A Labor Department study suggests some financial institutions had access to the agency’s press room before the economic reports were made public.

The information is important because it triggers swings in the stock and bond markets. Early access gives investors an edge, Reuters reported.

The Justie Department expressed concern about media agencies leaking the information to others before the information was to be released.

Report by Ex-FBI Chief Freeh to Shed Light on Molestation Scandal at Penn State

Steve Neavling

Did Penn State University officials conceal that former defensive coordinator was Jerry Sandusky a child molester? How did the school and coach Joe Paterno respond to previous molestation accusations against Sandusky more than a decade ago?

A report by former FBI chief Louis J. Freeh is expected to answer those questions and many more when it is released online Thursday, the Associated Press reports.


According to a statement by his family, Paterno “did not cover up for Jerry Sandusky. Joe Paterno did not know that Jerry Sandusky was a pedophile. Joe Paterno did not act in any way to prevent a proper investigation of Jerry Sandusky. To claim otherwise is a distortion of the truth.”

Attorneys for the university’s deposed president, Graham Spanier, said he did not participate in a cover-up to protect Sandusky and the university’s image, according to the AP.

Physics Grad Pleads Guilty in Model Plane Plot

Steve Neavling

A Massachusetts man accused of staging a plot to attack the U.S. Capitol Building and the Pentagon with explosive-laden model airplanes pleaded guilty Tuesday to two federal charges, the Christian Science Monitor reports.

Under a plea deal, Rezwan Ferdaus is to serve 17 years in prison and 10 years of supervised release, if the federal judge in Boston signs off, according to the Christian Science Monitor.

Ferdaus is a physics graduate who was arrested in September after undercover FBI agents posed as Al Qaeda operatives and delivered to him explosives and assault rifles.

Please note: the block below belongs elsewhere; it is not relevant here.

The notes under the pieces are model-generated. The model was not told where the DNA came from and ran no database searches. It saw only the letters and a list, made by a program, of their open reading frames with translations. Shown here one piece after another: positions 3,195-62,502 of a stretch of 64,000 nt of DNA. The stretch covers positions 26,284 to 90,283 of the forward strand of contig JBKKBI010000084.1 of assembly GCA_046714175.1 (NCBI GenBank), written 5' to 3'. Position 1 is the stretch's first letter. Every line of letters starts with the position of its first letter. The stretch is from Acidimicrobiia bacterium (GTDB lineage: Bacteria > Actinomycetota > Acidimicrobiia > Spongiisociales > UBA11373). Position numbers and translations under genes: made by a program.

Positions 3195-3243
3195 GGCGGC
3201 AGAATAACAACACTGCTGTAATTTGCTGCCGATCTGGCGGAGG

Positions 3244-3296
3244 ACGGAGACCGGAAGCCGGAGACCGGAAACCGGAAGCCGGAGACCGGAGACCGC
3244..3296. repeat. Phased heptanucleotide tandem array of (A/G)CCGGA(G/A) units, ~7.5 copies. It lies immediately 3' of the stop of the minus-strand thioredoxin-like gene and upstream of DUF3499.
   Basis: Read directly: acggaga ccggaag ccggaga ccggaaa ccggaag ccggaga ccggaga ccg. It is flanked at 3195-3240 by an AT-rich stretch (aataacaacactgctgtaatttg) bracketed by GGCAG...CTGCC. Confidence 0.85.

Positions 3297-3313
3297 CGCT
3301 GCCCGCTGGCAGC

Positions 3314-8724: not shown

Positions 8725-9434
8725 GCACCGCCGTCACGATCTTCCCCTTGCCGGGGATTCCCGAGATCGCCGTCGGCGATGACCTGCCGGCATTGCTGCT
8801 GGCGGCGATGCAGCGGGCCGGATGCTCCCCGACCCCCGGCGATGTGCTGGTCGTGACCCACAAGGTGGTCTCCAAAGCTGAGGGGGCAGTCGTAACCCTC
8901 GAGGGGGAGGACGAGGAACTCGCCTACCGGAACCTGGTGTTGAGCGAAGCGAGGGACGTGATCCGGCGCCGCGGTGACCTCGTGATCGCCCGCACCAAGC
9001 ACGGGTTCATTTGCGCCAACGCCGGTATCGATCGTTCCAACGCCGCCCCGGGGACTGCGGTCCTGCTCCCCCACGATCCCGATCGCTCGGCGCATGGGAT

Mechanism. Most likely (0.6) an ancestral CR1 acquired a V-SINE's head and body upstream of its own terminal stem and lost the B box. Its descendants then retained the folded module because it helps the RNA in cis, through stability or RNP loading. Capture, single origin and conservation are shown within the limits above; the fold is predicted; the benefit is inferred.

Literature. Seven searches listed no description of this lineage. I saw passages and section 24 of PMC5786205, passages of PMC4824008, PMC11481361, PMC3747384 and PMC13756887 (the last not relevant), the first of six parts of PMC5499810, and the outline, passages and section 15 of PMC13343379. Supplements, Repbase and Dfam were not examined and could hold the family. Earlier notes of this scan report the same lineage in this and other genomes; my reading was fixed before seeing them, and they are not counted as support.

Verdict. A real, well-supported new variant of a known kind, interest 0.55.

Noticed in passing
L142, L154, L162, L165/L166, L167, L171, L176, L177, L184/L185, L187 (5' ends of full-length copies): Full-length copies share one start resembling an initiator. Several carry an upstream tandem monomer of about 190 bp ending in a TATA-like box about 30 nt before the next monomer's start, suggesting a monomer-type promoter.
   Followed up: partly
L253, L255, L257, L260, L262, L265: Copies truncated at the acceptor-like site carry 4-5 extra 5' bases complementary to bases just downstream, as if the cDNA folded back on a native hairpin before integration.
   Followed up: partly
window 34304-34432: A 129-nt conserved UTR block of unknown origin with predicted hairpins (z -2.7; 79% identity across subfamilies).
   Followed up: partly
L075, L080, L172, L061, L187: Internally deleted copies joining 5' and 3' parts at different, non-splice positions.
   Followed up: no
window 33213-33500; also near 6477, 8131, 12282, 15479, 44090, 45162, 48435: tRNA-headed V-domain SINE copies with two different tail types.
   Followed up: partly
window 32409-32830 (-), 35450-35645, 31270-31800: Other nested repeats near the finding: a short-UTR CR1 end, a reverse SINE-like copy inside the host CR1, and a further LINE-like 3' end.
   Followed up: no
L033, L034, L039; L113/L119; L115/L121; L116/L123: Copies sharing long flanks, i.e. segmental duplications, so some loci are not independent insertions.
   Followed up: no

Ferdaus told authorities he wanted to terrorize the country in the name of jihad, the Christian Science Monitor reported.

AG Holder Pledges to Fight Texas Voter ID Law at NAACP Event

Steve Neavling

 Attorney General Eric Holder pledged Tuesday to aggressively challenge new voter restriction efforts during a speech at the National Association for the Advancement of Colored People in Houston, the New York Times reports.

“In our efforts to protect voting rights and to prevent voting fraud, we will be vigilant and strong,” Mr. Holder said. “But let me be clear: we will not allow political pretexts to disenfranchise American citizens of their most precious right.”

Holder’s speech comes as the Justice Department is in federal court over Texas’ photo ID voting requirement, which Holder says violates the Voting Rights Act and disproportionately impacts minorities, young people and the elderly, according to the New York Times.

Holder pledged to vigorously enforce civil rights violations.

“The arc of American history has always moved toward expanding the electorate,” he said. “It is what has made this nation exceptional. We will simply not allow this era to be the beginning of the reversal of that historic progress.”